Neal Brown is liking his wide receiver depth, and they all fit his molds

WVU Mountaineers

Sam James (Photo: WVU Athletics)

Neal Brown thinks his team is deepest at the wide receiver position.

That might not be the hottest take to many fans. West Virginia lost just one receiver after 2019, while most of their top contributors will be back in the Old Gold and Blue for 2020.

Depth among pass-catchers, however, looks a bit different than it does in other positions. Brown, a former wideout himself, knows this and gave a detailed description of what he wants in that position group after Friday’s practice.

“We kind of look at four different body types. We want a guy that’s bigger-framed that has good twitch but really has phenomenal hands,” he told John Antonik of WVU Athletics. “We want a little, make-you-miss guy, and we’d like to have a bigger, physical guy inside who knows how to use his body, and then we’d like to have a long, fast guy – somebody that can take the top off it and really go get the ball.”

Brown further indicated over the weekend that all of his receivers fit some way into one of those four molds, and he started with sophomore Sam James, who broke out on to the national scene as a freshman in 2019.

“Obviously, Sam James is a speed guy,” Brown said. “He’s a guy that can run and take the top off of it.”

James led West Virginia with 677 receiving yards last season after showcasing the ability to score with both his feet and hands. That ability to “take the top off” was best showcased against Texas, when he burned a Longhorn cover man BJ Foster for a first quarter touchdown down the sideline. For that play, he really had to go get it, making the grab as he dove over the goal line and onto the turf.

As for body control, Brown immediately pointed to sophomore Ali Jennings.

“He really can vertically get off the ball, and he understands…how to position his body kind of like a basketball player and make difficult plays,” Brown said.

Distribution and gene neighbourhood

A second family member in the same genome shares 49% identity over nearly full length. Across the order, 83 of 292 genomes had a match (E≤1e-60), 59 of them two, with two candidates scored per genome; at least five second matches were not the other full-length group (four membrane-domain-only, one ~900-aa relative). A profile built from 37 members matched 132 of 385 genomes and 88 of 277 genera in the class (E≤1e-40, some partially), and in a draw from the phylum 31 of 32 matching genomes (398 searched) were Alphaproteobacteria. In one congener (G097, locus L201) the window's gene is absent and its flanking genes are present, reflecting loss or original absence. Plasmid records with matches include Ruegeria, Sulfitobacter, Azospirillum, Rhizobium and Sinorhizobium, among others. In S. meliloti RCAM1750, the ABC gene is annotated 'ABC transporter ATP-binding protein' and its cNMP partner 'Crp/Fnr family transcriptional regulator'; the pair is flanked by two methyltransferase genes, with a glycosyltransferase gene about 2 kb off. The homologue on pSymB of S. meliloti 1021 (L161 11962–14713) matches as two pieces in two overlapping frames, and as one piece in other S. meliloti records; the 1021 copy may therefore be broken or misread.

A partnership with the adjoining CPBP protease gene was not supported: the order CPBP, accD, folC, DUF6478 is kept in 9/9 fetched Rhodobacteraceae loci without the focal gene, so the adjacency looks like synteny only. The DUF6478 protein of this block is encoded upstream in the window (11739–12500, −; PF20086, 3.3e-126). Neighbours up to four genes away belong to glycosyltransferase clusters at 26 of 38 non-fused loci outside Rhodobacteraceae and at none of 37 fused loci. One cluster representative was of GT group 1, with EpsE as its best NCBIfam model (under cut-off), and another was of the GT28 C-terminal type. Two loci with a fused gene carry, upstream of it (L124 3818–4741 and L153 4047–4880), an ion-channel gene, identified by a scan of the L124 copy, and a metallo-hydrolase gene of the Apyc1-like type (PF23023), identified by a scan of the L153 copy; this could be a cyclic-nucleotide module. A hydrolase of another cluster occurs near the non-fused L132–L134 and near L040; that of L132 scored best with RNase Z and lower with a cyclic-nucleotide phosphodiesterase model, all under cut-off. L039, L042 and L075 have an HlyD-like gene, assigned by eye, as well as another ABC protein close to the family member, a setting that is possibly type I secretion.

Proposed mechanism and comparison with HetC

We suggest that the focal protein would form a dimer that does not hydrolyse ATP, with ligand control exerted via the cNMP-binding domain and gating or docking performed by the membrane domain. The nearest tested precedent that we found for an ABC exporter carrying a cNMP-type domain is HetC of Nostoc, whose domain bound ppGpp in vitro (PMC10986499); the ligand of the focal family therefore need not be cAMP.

Mountaineer fans didn’t see much of Jennings in 2019, as he made 19 catches for 192 yards in 11 games. One of those catches, though, did go for a touchdown after he jockeyed for position in the end zone on a slant route against NC State.

While speed and body control are very important for receivers, Brown looks to his most experienced man when he needs a little toughness.

“TJ Simmons is a big, physical kid that has courage and catches the ball across the middle,” Brown said of his senior leader.

Simmons’s 35 catches last season was the second-most among wide receivers, with many of those catches coming over the middle. He was no stranger to contact, either, shrugging off tacklers in three of his four touchdown catches.

With speed on the outside and physicality on the inside, Brown also needs longer guys that can catch the ball downfield. For that, he turns to Sean Ryan and Bryce Wheaton — two players looking to make a bigger impact in their second year at West Virginia.

“Bryce is a little bit faster probably, Sean’s got a little bit more wiggle to him, but both those guys can probably stretch it,” Brown said.

Wheaton appeared in 11 games last season as a freshman, making an impression in the Mountaineers’ road upset over Kansas State with the game-winning touchdown, making a deep catch after WVU’s play seemed to break down. Ryan, on the other hand, was a steady role player for WVU before missing four games in his sophomore season due to injury.

Finally, Brown gave a shout-out to sophomore Winston Wright, a staple on special teams for WVU last season before seeing his role grow on offense as his quickness became more apparent.

“Winston Wright is a guy that can make you miss,” Brown explained. “He’s got a good initial burst and he can make you miss.”

Wright caught 19 passes last season and brought back the only kickoff return touchdown of WVU’s season against Baylor.

Where West Virginia has skill, they lack experience. Simmons is the only Mountaineer to have played multiple seasons in Morgantown, while James was the only one to complete a full season. This is apparent to Brown, and maturing those players is a priority ahead of the 2020 season.

“A lot of them are young, and we’ve got to continue to grow ‘em up,” he said after Friday’s practice. “I think Gerad (Parker) has done a great job with those guys.”

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